EAGLE, Idaho — The Idaho Potato Commission (IPC) is growing its programs involving food bloggers this season, said Don Odiorne, vice president of foodservice and web for the organization.
Odiorne said a web page IPC started last summer featuring Idaho potato recipes, photographs and stories by food bloggers, linked to www.idahopotato.com, now has nearly 100 submissions.
IPC pays its bloggers $500 for each recipe package, retaining ownership of the content for its own promotions but allowing bloggers to continue using their original recipes for their own purposes. Odiorne said IPC, which spent $10,000 to $12,000 on the popular blogger recipe page last year, will increase its investment to $20,000 to $30,000 this season.
IPC links to bloggers’ websites to help them increase reader traffic. In turn, they alert their own followers that they’re sponsored by IPC and have content on the IPC page.
“It’s supplemented our website, but it has also done something really great,” Odiorne said. “I think a blogger who is trying to feed a family in healthy and nutritious ways quite often is trying to do it with that from-scratch cooking that has gone away. Rather than buying something pre-made, why not do it with potatoes and do it from scratch?”
IPC is concluding a side dish contest featuring recipes from the blogger page, awarding funding to the winning blogger’s local Meals on Wheels program.
In January, IPC began featuring a blogger of the month. Rather than singling out a blogger for March, IPC is highlighting Idaho Potato Palooza, which was hosted at the Los Angeles home of blogger Erika Kerekes in February in conjunction with Potato Lovers Month. Kerekes invited about 40 food bloggers.
She and blogger Judy Lyness created 10 original potato recipes, now featured on the IPC’s blogger page, such as Idaho potato blintzes and Idaho fingerling cups filled with smoked salmon mousse.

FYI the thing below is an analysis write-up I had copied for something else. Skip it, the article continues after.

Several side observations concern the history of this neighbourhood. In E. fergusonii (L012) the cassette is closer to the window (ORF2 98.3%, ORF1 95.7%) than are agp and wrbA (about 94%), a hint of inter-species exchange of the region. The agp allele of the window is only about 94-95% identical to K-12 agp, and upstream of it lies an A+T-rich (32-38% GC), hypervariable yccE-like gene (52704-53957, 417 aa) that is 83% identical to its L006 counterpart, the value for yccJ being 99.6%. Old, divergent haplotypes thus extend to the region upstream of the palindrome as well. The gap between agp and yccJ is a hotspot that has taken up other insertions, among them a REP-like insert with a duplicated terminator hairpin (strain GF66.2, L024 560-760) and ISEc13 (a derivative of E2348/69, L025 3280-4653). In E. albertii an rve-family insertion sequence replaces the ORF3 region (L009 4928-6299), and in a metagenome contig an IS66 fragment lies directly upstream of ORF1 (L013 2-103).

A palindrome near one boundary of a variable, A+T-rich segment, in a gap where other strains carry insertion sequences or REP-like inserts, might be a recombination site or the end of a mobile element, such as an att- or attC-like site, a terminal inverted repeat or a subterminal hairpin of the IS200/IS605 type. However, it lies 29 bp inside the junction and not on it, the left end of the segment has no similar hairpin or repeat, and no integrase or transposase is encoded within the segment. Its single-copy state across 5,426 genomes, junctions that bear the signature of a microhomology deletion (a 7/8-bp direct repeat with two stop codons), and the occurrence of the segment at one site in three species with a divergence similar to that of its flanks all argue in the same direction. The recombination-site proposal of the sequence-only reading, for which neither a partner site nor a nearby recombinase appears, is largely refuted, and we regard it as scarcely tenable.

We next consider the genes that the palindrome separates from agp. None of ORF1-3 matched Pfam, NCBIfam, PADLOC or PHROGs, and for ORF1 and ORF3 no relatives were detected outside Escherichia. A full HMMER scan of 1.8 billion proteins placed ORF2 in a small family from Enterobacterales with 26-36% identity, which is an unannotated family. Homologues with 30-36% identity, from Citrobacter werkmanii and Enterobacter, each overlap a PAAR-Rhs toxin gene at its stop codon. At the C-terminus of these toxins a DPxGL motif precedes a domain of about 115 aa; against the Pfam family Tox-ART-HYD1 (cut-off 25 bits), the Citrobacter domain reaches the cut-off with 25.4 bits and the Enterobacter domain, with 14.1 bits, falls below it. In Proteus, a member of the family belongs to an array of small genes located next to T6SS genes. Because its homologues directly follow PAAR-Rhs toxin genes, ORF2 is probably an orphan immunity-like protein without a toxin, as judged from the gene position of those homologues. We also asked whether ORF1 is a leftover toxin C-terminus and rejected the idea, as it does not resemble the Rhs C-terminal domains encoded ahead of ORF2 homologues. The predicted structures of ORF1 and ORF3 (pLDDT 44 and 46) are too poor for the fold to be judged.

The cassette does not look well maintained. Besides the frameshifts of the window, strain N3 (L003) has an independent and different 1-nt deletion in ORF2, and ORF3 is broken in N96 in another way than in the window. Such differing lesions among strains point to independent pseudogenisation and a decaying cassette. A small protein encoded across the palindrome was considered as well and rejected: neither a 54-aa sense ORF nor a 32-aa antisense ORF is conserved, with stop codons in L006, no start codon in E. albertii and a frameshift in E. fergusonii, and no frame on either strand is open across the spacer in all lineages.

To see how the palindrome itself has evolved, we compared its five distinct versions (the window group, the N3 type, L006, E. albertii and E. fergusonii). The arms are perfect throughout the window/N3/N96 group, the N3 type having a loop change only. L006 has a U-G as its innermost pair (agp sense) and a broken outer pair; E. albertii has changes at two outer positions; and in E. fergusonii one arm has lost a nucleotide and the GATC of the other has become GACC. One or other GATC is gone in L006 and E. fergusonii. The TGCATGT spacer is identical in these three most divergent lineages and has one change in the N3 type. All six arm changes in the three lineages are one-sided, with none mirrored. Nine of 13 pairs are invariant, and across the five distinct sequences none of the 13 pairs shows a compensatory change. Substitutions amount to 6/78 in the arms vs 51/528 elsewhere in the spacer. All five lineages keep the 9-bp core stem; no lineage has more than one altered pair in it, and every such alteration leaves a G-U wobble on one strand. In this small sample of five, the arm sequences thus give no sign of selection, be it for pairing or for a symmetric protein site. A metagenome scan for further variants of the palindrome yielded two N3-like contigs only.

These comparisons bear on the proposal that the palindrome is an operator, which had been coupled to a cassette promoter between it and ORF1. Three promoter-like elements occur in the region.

Kerekes said she’s gained credibility with other players in the food industry through her partnership with the IPC, and the project has helped her think more creatively about an ingredient she’d taken for granted.
“(Odiorne) has been one of the foremost people in the food business really working aggressively to develop relationships with bloggers,” said Kerekes, who heads a bloggers’ network called Food Bloggers Los Angeles.
In April, the IPC will post a series of videos by blogger Coryanne Ettiene, featuring the chef preparing potato dishes with her 5-year-old son Xander and her 10-year-old daughter Margeaux. Ettiene, who has her own film production company focusing on content involving fresh produce, said IPC aims to highlight the importance of involving children in the culinary process.
“I’m a big fan of children in the kitchen,” said Ettiene, who reaches about 100,000 social media followers. “This is the time for us to talk about their day in a fun environment.”
Odiorne acknowledged other entities, such as National Beef Council, have bigger online budgets and can work with bloggers who are already household names.
“I would rather find somebody under a rock or somebody I think is going to become a superstar,” Odiorne said.
Source: Capital Press